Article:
There are at least two types of bureaucratic whistleblowing.
Procedural whistleblowing The target here is improper procedures, such as faulty record keeping, neglect of duties, diversion of resources for private purposes, false claims, misuse of money, favouritism, stealing, bullying, blackmail and the like. Some workers are not doing their jobs properly or are actively subverting the aims of the organisation. Procedural whistleblowing exposes the problem that the bureaucracy is not working like it is supposed to, that it falls short of the purposive-rational ideal.
Goal-related whistleblowing The charge in this case is that the organisation's goals or purposes are inappropriate. For example, a pharmaceutical company could be challenged because it puts the pursuit of profit above public safety, even though it obeys all laws and regulations. Many bureaucracies seek their own survival above all else, even at the expense of their original goals. Goal-related whistleblowing can challenge bureaucratic elites to pursue the original, formal stated goals of the organisation, or to pursue different, better goals.
Both of these sorts of whistleblowing are important, and often they are combined. The message from Bauman is that challenges to procedural shortcomings are not enough, and even bad, if the goals are wrong. The German bureaucracies mounted a programme of exploitation and extermination that was far more deadly than any of the spontaneous anti-Semitism that preceded it. Jews were identified, categorised, sent to work and death camps. Detailed records were kept of ancestry, belongings, labour output and so forth.
It is possible to imagine procedural whistleblowers in Nazi Germany who pointed out that some categories of Jews were being given special treatment, that goods produced by slave labour camps were being diverted for private use, or that there were scams associated with purchase of chemicals used in the gas chambers. Procedural whistleblowers might expose those who protected Jews, such as Oscar Schindler. Since there was massive corruption in Nazi Germany, no doubt such whistleblowers existed.
By contrast, goal-related whistleblowers would have challenged the extermination programme itself. They also might have tried to gum up the works, to make the bureaucracies less efficient in their deadly business.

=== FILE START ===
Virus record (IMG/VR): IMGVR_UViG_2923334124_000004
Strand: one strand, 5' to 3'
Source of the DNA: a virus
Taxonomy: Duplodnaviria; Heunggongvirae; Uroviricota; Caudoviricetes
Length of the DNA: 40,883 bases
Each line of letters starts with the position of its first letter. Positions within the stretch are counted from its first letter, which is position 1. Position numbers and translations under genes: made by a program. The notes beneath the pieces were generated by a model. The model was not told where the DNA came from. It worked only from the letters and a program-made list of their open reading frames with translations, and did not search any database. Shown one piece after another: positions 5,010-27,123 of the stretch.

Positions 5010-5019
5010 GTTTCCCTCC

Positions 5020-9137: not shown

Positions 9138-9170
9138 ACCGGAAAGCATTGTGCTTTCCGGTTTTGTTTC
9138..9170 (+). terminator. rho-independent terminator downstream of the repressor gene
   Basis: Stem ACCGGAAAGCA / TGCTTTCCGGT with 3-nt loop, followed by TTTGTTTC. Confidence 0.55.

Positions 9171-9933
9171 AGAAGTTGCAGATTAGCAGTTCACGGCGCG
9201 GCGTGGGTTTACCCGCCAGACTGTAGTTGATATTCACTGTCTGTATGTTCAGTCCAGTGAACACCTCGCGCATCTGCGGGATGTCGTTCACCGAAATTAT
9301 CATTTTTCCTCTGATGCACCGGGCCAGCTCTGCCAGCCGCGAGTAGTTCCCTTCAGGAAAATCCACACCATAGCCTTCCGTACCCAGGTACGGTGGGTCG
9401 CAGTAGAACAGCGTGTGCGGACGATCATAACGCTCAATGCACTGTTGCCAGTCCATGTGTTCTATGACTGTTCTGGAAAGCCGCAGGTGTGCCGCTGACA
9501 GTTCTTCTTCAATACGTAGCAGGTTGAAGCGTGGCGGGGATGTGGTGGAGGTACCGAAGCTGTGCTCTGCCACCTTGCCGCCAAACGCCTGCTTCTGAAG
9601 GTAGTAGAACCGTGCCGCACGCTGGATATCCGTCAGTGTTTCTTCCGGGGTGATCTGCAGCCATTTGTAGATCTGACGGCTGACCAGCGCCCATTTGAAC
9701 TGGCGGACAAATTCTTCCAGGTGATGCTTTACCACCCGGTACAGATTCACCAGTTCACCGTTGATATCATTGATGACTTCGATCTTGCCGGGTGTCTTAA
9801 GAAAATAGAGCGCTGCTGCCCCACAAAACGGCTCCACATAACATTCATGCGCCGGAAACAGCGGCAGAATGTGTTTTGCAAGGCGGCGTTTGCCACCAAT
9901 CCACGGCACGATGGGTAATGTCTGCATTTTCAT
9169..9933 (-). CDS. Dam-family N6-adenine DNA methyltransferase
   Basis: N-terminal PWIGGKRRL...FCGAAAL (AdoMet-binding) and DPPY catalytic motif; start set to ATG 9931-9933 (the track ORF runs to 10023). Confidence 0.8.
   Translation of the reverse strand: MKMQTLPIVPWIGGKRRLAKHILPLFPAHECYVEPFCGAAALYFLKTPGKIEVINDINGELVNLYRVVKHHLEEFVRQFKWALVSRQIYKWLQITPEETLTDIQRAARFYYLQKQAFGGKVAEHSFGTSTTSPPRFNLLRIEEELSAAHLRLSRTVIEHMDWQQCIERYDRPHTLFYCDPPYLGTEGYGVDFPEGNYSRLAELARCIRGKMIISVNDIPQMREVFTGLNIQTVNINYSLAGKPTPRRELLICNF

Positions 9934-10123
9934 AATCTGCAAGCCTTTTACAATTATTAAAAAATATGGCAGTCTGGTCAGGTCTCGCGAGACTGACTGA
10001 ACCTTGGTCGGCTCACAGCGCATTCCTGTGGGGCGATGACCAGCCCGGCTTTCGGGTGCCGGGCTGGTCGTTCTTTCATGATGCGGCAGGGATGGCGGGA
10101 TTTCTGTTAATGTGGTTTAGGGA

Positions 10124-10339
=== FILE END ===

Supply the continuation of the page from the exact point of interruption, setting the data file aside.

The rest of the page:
The lesson from Bauman is that we need to pay at least as much attention to the goals of bureaucracies as to their methods. But challenging goals is especially difficult, since there is no formal way to do so. The procedural whistleblower at least has the option of appealing to rules and approaching appeal bodies that are supposed to administer justice (even though they often fail to act against corruption). The goal-related whistleblower has the more overtly political task of challenging the fundamental direction of the organisation.
In countries occupied by the Nazis, there were many dissidents -- but not enough. The tragic fact is that the leaders of the most influential institutions -- churches, corporations, scientific organisations -- did little or nothing to oppose Nazis plans.
Whistleblowers have a slim chance of changing a bureaucracy because they are essentially lone critics of a powerful elite. The only real prospect of change comes through collective action, and even this is likely to be a long and difficult process.
In Schweik Action Wollongong, a group with which I've been involved, we examined seven cases of challenges to bureaucracies.
In each case, we tried to learn lessons from the struggles. Here are our conclusions.
Most bureaucratic elites, however corrupt they may be, are never challenged. Bureaucratic elites have enormous power to squash opponents, for example the way the Vatican crushed the Modernists.
The challenges that are made usually aim to change policies or personnel, not the structure of bureaucracy itself. The campaign against the Australia Card didn't aim to change the Australian government bureaucracies. It had success in stopping the proposed identity card, but the government's basic goal was achieved through other means.
Sometimes, though, a campaign to change a policy can lead to changes in the bureaucracy. The women's campaign against BHP hiring practices led to a degree of change in the company, namely a less anti-women working environment. This was a significant change, even if the basic hierarchical relationships remained.
A lone whistleblower like Vince Neary has little chance of success in changing a bureaucracy. Speaking the truth is seldom a good strategy just on its own. It's also necessary to mobilise other supporters on the inside or outside.
The idea that bureaucracies are similar to authoritarian states is a useful one. To challenge an authoritarian state requires a careful strategy. Building support is crucial. Courageous individuals are needed to make open challenges, but these have to be planned in ways that build further support. Some of the methods that can be used in mounting a challenge are:
The Dutch soldiers' movement carried out its campaigns effectively. By organising a union and operating collectively, the movement accomplished much more than any number of isolated protesters could have. A military bureaucracy is very similar indeed to an authoritarian state, but even states can be toppled through nonviolent action.
To have any chance of achieving lasting change, it is vitally important to have an alternative. Most challenges to bureaucratic elites do not even imagine the possibility that there are alternatives to bureaucratic systems, hence they are unlikely to lead to lasting change.